In 2014, allegations of employee mistreatment and racial disparities in the Durham’s water management department were first brought to light when a group of former employees, who said they were wrongly terminated or disciplined while working for the city, went to the Human Relations Commission. The HRC then spent months investigating the department, including interviewing former employees and having former employees come speak to the commission.
In November 2015 the HRC sent nine recommendations to the city council and city manager, which included requiring racial equity training, a review of disciplinary action, and increasing the scope and accessibility of the city’s grievance policy. Then, in January 2016, city manager Tom Bonfield responded to each of the nine recommendations.
Since then, there have been quarterly reports from the human resources department; those reports haven’t found any “inconsistent application of disciplinary actions.” From January to July there were twenty-four technical review submissions received by the HR department. Of those, ten employees disciplined (about 42 percent of the reviews) were black, and fourteen (about 58 percent of reviews) were white. Deputy city manager Bo Ferguson says the HR department must “concur with whatever discipline that has been recommended” but also provide an analysis of the discipline. That analysis allows the city to see if there have been any trends. So far, Ferguson says, the reviews have not found any inconsistencies.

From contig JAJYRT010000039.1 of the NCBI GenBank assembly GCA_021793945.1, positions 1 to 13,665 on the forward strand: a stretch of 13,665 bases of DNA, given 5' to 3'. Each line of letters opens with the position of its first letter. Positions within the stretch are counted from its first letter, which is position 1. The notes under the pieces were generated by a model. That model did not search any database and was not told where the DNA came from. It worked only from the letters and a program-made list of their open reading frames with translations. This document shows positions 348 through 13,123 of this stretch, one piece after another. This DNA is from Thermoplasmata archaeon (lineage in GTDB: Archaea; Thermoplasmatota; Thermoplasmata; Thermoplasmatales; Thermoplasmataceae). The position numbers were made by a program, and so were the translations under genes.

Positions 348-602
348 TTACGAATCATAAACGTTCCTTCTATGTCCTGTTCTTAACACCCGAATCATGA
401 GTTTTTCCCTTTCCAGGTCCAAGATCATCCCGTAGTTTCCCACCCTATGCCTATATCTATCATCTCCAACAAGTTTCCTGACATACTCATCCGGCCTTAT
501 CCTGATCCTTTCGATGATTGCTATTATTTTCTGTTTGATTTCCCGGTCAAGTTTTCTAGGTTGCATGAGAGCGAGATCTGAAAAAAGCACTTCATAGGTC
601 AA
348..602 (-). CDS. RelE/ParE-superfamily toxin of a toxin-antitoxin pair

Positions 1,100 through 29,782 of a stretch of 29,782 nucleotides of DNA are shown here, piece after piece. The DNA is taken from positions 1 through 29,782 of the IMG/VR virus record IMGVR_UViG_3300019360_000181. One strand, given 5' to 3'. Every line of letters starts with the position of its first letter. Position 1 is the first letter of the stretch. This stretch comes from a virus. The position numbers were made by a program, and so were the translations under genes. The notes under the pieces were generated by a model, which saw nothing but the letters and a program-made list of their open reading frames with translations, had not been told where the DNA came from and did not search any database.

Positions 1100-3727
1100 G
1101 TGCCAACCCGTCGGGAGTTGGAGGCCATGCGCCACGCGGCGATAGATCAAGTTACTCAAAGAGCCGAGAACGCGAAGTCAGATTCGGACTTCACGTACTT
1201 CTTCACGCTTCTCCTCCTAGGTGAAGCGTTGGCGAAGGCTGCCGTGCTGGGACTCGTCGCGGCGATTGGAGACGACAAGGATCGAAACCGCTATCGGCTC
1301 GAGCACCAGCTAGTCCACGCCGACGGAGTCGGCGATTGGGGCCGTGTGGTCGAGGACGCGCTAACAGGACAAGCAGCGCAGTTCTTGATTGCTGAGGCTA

Now, two years after that initial complaint, a new letter has surfaced that says things aren’t getting any better.
The new allegations, from an August 12, 2016, letter anonymously sent to the city and obtained by the INDY, does not name any specific members of the department. The letter writer said the department is an “unfair, hostile work environment” and the employees are under a “tremendous amount of stress.”
“The issues in the Department of Water Management are in all areas, not just one particular area. There are certain Upper Management employees who are slandering employee’s [sic] names, credibility and work ethic in meetings, e-mails, or in the office,” the letter continues.
Because there are no specific allegations, it’ll be difficult for the the city to pinpoint their source. Even though there are no specifics, the letter does allege that management “has been shuffling employees around from different positions across the entire department and keeping write ups in house as a way to keep the write ups out of Human Resources as not to create a paper trail to document employees so when they actually terminate the employee they will not have a paper trail.”
Ferguson says that, “regardless of what the data was telling us,” there were continued concerns about mistreatment, so the city has begun implicit bias training within the department. The department is also seeking to hire more diverse employees.
“The department is continuing to report out to its employees to increase diversity to recruit [from places] where we have a higher likelihood to get a diverse candidate pool,” Ferguson says. “We were certainly concerned and upset to get the anonymous letter. [But], at this time, it doesn’t appear to line up with the data.”